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13 Year Old Runaway, wont come back home.

Discussion in 'Juvenile Crime, Law & Court' started by bmendez, Oct 14, 2014.

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  1. bmendez

    bmendez Law Topic Starter New Member

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    I have soul, physical and legal custody of my children, My 13 year ran away home to my parents home and now he wont and refuses to come home. My parents wont let him come home either.
    What form do I need to fill out to go with the police to pick him up since I got a police to escort me yesterday to pick him up?

    Also I've asked for the football team that my child plays to pull him from playing and they have also refused to listen to me, what do I do?
     
  2. disagreeable

    disagreeable Well-Known Member

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    File a runaway report. Press charges against your parents for harboring a runaway. Demand the police detain him and return him.
     
  3. mightymoose

    mightymoose Moderator

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    Simply go to your parents house and pick him up. If you are met with resistance then call police to assist you.
    If you know where he is then he is not missing, so you might not get far trying to make a missing person report, but police can assist by addressing those who interfere or contribute to delinquency.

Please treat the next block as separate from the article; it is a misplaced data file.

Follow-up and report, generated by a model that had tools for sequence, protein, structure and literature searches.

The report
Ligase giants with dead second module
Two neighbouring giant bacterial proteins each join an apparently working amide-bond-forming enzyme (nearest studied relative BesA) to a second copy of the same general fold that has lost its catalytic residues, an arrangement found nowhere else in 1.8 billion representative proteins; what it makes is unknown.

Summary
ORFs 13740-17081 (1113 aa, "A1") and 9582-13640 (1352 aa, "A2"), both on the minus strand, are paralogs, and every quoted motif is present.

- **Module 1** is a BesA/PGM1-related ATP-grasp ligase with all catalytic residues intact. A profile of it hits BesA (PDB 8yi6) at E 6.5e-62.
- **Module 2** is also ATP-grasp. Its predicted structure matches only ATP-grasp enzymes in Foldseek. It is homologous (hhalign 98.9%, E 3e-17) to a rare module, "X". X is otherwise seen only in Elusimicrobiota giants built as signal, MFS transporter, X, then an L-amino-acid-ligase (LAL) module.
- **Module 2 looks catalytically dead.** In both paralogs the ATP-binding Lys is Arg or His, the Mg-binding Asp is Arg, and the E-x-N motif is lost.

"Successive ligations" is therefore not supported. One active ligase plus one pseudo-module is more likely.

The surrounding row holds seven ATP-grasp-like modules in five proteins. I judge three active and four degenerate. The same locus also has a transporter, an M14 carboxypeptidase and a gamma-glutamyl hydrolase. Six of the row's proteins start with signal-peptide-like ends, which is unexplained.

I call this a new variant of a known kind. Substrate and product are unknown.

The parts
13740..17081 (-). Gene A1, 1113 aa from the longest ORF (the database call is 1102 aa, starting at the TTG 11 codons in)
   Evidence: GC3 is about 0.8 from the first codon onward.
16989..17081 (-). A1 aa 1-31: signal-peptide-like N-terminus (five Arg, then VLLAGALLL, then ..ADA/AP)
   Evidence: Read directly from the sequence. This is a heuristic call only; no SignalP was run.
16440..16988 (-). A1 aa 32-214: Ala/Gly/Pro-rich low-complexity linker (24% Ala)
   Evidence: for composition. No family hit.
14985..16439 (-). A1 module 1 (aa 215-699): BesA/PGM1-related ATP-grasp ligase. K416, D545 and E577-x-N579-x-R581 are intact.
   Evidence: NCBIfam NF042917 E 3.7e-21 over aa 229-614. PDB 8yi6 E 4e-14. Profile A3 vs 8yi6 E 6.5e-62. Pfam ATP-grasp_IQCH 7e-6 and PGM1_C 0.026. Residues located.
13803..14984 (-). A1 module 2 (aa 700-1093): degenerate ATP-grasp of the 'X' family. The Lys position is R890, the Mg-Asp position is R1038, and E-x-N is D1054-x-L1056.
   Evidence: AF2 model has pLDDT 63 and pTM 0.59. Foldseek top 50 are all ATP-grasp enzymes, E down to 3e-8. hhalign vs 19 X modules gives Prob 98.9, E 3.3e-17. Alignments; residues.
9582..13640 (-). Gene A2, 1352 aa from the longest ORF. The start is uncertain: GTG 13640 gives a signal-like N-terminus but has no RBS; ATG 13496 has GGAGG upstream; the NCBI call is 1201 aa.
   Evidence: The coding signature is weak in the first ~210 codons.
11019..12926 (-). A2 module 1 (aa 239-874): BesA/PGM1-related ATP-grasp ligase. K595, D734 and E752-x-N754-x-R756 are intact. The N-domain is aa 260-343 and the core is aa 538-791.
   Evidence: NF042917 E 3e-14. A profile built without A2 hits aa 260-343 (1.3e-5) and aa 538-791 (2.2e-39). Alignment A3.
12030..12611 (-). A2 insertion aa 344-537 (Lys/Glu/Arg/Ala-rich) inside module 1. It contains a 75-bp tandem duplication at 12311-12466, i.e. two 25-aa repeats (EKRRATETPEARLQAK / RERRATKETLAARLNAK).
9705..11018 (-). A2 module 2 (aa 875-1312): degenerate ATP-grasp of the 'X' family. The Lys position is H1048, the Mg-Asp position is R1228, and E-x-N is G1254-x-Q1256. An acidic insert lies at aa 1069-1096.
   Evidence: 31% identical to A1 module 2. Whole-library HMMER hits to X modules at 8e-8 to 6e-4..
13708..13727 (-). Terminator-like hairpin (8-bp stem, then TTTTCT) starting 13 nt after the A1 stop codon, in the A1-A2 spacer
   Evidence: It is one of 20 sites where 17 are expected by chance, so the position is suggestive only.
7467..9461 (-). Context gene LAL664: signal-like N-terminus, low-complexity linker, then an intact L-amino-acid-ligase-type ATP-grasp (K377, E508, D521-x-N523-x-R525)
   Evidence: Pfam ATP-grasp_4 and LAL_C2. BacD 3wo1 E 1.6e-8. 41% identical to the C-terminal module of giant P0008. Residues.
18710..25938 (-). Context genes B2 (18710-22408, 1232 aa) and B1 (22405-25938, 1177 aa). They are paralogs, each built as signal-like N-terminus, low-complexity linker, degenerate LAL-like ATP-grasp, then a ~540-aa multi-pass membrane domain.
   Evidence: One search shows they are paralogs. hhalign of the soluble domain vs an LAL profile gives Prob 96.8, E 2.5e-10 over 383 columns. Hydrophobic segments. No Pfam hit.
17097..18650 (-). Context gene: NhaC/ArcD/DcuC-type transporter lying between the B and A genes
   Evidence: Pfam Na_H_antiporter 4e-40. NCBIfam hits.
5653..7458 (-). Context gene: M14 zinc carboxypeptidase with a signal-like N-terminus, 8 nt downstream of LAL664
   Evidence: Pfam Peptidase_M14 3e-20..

As for football, you have control over that as well. If he goes to practice or games without your permission then go pick him up. The school can not overrule you on this.
     
  4. Disabled Vet

    Disabled Vet Active Member

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    Why did this kid runway to start with? Why are your parents allowing him to stay? Something isn't right in this.... What did you do?
     
  5. cbg

    cbg Super Moderator

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    This is a 13 year old. The parent could have "done" something as dreadful as refusing to allow the kid to spend the weekend at Jimmy's unsupervised, or told the kid to get in there and pick up his room NOW. I don't think we can assume fault on the part of the parents.
     
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  6. Betty3

    Betty3 Super Moderator

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    Good point & probably true, cbg (though we don't know for sure).
     
  7. CdwJava

    CdwJava Moderator

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    As suggested, go to their house and collect your child. If they refuse to release him, call the police. Your parents can be charged with a crime for encouraging the delinquency of a child. If, however, you kicked the child out of the house or in some way abused him, you might find yourself in trouble.

    Why did he run away?